In what some Woodward board of Education members called “the longest agenda on earth,” Monday evening, board members dealt with the “desperate” teacher shortage and approved an official resolution that could help Woodward’s Boomer Stadium become the playoff destination for all of Northwest Oklahoma.

Board members also approved a handbook regulation that created a “dollar rule,” which regulates the length of shorts and skirts worn in the middle and high schools using a lengthwise dollar bill from mid-knee to the bottom of the hem.

Much of the agenda was simple and included routine contract approvals for such necessities in the fast approaching new school year as food items and supplies from vendors like Mid-America Wholesale, Ben E. Keith and US Foods as well as Earthgrains and Hiland Dairy. Board members also approved a three year contract for Superintendent Kyle Reynolds.

 While most of the items were somewhat routine in nature, some prompted discussion.  

For instance, eliciting the most discussion was a resolution approved by board members that stated their mutual support for a project to renovate Boomer Stadium by installing Astroturf, expanding the track to eight lanes and resurfacing the track.

Going into its third year of work on the part of some private citizens, fundraising efforts are underway again and getting them closer to the goal of turning Boomer Stadium into a destination sports complex, according to C.J. Montgomery, who spoke on behalf of the citizens.

The group aims to secure their vision toward a stadium that would not only provide a quality sports complex for the local team but would also provide thousands in possible economic benefits to Woodward if it draws other events and teams. The overall project, though it hasn’t been bid yet, could cost more than $1 million, Montgomery said.

Early on, the group had commitments for up to $250,000, Montgomery said.

However, fundraising efforts were put on hold after the Woodward tornado to allow people in the community to focus totally on that priority, he said.

“And we held off also, during the school bond election so that we weren’t confusing people with what we were raising funds for,” Montgomery said.

 Now, fundraising efforts are back underway, he said.

“This started when Chris Keeton was the Chairman of the Chamber of Commerce several years ago and he allowed the Chamber to go out and start the ball rolling,” Montgomery said.

With the needed $100,000 pledged by the school Monday night along with a resolution that made public their support for the project, renovations could begin moving forward soon, Montgomery said.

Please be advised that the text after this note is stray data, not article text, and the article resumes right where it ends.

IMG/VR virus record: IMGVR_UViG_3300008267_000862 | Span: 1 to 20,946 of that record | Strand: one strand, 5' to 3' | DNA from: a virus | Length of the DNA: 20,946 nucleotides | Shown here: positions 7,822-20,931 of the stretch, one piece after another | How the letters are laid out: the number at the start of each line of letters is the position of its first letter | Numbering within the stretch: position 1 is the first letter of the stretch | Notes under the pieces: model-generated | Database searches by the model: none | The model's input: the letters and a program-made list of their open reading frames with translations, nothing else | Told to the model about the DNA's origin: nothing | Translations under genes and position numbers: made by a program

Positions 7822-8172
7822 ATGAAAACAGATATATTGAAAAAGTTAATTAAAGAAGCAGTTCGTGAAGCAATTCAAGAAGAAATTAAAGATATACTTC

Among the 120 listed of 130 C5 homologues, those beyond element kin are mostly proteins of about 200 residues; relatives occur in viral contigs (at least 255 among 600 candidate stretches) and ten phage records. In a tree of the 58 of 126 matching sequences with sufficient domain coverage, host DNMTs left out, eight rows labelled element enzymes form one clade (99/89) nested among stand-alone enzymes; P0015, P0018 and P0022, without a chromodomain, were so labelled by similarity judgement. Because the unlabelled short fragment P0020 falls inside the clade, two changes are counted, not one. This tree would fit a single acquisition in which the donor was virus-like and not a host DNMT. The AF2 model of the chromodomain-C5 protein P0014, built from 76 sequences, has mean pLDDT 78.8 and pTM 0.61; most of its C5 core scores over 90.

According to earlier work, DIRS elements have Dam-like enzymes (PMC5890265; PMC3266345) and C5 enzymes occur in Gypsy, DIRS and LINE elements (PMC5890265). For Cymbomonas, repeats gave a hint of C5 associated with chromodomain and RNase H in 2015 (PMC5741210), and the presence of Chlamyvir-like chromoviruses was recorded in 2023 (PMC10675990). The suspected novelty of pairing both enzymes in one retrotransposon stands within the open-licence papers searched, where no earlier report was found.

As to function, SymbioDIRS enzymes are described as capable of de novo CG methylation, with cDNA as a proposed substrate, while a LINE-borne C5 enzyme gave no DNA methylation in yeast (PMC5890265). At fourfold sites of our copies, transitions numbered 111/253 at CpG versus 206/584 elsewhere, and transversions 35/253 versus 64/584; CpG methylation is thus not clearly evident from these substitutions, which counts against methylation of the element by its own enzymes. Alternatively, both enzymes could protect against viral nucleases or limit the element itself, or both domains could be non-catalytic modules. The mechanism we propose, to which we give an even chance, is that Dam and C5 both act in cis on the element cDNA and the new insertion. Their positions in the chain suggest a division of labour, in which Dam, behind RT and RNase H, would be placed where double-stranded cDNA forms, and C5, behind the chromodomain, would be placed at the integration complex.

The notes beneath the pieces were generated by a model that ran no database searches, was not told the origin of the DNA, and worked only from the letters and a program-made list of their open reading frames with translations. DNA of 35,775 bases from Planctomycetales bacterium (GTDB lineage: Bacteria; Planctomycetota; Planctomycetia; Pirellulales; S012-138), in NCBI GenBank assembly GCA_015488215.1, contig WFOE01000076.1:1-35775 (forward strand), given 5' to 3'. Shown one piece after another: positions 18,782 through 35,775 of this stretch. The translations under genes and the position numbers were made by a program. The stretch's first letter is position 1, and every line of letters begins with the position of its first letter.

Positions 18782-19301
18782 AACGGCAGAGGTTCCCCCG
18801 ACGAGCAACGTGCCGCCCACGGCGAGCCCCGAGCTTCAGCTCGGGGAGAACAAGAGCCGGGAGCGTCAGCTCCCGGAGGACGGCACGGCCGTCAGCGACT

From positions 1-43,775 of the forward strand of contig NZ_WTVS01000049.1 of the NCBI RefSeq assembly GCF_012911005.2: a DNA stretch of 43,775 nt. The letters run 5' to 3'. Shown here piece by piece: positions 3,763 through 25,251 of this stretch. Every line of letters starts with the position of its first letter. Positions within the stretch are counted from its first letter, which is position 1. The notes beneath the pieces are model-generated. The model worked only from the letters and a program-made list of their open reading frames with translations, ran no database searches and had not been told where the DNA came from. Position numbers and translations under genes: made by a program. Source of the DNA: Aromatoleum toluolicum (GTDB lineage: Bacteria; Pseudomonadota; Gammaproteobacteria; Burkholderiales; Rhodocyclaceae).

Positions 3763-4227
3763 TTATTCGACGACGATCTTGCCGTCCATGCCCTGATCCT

“Ideally if fundraising goes well, we could begin the renovation after football season is over,” he said.

Another issue that drew some conversation was the approval of the updated High School Student Handbook. A request for clarification regarding some of the new rules was made by school board member, Glenn Billings.

Specifically, Billings asked for more information on the recently added regulation regarding the length of shorts that will be permitted to be worn.

According to Woodward Education Association representatives, Chanda Peters and JoLynn Love, some shorts styles, such as those offered by Nike, have been getting shorter and shorter and they felt a limit needed to be placed on the shorts some students were wearing to school.

Other rules, which garnered some request for clarification included hair color regulations (must be a natural color), the use of cell phones while on school property (only during lunch hour and before and after school or between classes) and the posting of anything considered derogatory on social media during sports season.

In other business, a dire teacher shortage has created a need to fill numerous teaching positions with teachers who the school is working at getting certified through a procedure known as emergency certification, according to Woodward Superintendent Kyle Reynolds.

The process requires a bachelor's degree and for the applicant to meet all other criteria, such as background checks and the interviewing process as well as some course work, Reynolds said.

According to Deputy Superintendent Jerry Burch those who have a bachelor’s degree and are interested in teaching or coaching should apply.

Monday night a number of teachers as well as other staffing positions were locked in, with some pending emergency certification: Hired Monday night were: Chad Smith-MS Band/HS Assistant Band Director,  Sara Acosta-MS English teacher (pending emergency certification), Korie Ham-MS science  teacher (pending emergency certification), Edward Donahue-MS reading teacher/coach, Amie Shackleford-MS social studies teacher/coach, Jody Flemming-MS ISD supervisor, Holly Shirkey-ECC library paraprofessional, Meagan McCoy-ECC Kindergarten teacher, Vicky Schroeder-ECC 1st Grade teacher, Amy Harrington ECC 1st Grade teacher/coach, Sarah Roach-ECC Kindergarten teacher, Rachel Bilbo-ECC Kindergarten teacher/coach (pending emergency certification) Bridgette Taylor-ECC Pre-K teacher (pending emergency certification) Anita Hernandez-ECC assistant principal, Susan Jarnagin CH counselor, Shembra Reed-HS English teacher, Thomas Cannon-HS science teacher, Charles Roach-HS social studies, teacher/coach, John White-HS science/math, teacher (pending Oklahoma certification), Norene Barker-HM 3rd Grade teacher, Cherie Moss-HM 3rd Grade teacher (pending Oklahoma certification), Judy Nixon-Bus Driver.

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